Cartel Quotas Under Majority Rule
The authors examine the choice of quotas by legal volume-restricting organizations: cartels, commodity agreements, agricultural marketing boards, and prorationing boards. Unlike their illegal counterparts, legal cartels have published regulations and broader enforcement capabilities. However, differences in costs and size among cartel members still make quota selection contentious. Conflicts over quotas are typically resolved by voting. Side-payments to influence votes are prohibited. The authors examine the predicted effects of this real-world voting institution on prices and welfare. They also deduce the economic consequences of exogenous political changes, such as alterations in the voting weights or in the identity of the voters. Copyright 1995 by American Economic Association.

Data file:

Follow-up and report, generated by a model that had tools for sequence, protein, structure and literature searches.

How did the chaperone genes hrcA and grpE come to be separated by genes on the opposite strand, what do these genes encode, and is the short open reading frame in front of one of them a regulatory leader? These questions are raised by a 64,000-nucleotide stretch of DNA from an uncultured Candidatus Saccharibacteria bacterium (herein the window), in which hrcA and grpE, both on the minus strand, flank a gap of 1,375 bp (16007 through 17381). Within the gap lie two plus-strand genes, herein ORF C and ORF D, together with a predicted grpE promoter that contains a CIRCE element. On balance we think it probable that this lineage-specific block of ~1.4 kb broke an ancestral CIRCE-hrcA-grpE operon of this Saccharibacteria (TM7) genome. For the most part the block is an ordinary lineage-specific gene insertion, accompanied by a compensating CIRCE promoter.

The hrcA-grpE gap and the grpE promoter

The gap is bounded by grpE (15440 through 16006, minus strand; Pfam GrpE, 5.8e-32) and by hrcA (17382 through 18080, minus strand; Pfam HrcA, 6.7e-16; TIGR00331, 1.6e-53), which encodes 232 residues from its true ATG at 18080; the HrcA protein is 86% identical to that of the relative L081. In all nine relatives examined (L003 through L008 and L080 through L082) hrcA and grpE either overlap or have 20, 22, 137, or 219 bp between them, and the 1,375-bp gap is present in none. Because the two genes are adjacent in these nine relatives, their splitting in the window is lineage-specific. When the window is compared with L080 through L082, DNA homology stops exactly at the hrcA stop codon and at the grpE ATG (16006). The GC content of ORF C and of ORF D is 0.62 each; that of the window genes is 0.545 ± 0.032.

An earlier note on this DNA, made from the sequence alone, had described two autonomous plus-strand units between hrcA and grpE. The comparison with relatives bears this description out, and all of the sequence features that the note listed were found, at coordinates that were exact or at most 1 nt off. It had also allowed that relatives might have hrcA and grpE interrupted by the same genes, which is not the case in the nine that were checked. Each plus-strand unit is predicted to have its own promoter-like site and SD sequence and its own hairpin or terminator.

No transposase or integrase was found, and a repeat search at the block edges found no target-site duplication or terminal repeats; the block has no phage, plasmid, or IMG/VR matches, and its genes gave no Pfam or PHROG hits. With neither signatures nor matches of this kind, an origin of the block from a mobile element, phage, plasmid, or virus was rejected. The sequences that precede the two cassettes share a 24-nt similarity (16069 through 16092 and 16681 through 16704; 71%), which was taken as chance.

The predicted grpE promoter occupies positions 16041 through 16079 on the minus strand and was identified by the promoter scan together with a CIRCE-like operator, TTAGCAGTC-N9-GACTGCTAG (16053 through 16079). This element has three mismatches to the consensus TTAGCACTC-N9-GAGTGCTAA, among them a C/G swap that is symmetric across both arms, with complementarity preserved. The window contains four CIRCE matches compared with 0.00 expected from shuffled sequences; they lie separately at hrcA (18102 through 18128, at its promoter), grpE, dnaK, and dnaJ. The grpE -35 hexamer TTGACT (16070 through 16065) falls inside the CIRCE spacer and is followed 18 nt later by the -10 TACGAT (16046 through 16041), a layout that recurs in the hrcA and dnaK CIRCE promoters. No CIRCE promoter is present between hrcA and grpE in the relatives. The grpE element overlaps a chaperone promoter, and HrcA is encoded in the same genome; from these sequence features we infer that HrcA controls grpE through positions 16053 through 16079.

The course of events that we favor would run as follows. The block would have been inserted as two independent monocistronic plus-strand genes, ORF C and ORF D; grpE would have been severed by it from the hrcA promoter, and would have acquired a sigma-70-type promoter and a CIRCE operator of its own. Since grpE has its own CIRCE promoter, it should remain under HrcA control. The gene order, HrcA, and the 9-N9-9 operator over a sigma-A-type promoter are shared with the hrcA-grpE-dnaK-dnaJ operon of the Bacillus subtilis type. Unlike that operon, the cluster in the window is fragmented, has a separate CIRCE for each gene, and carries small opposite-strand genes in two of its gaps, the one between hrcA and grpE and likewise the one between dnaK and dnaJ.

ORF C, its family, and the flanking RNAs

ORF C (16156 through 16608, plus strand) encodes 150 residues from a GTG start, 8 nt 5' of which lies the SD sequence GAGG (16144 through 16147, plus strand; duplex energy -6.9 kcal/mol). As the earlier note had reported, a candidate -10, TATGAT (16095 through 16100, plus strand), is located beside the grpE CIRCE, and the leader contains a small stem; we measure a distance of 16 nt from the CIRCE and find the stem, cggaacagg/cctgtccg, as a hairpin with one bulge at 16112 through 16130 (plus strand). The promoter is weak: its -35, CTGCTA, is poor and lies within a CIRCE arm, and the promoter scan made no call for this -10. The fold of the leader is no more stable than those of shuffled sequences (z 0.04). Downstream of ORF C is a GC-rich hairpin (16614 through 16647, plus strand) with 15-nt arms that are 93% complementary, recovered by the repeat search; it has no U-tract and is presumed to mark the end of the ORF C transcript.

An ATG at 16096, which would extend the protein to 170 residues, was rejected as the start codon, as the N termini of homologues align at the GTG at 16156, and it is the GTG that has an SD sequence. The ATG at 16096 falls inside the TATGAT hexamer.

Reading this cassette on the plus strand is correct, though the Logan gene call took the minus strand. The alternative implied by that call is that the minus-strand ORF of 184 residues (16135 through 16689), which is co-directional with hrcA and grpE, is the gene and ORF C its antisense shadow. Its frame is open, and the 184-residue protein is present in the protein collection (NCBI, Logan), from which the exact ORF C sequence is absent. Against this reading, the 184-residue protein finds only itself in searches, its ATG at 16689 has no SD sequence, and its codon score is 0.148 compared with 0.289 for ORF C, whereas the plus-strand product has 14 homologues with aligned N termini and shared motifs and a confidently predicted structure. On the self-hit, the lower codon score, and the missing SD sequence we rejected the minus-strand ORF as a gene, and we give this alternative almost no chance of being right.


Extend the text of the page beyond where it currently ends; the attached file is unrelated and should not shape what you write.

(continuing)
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|Date of creation:||1992|
|Date of revision:|
|Contact details of provider:|| Postal: UNIVERSITY OF MICHIGAN, DEPARTMENT OF ECONOMICS CENTER FOR RESEARCH ON ECONOMIC AND SOCIAL THEORY, ANN ARBOR MICHIGAN U.S.A.|
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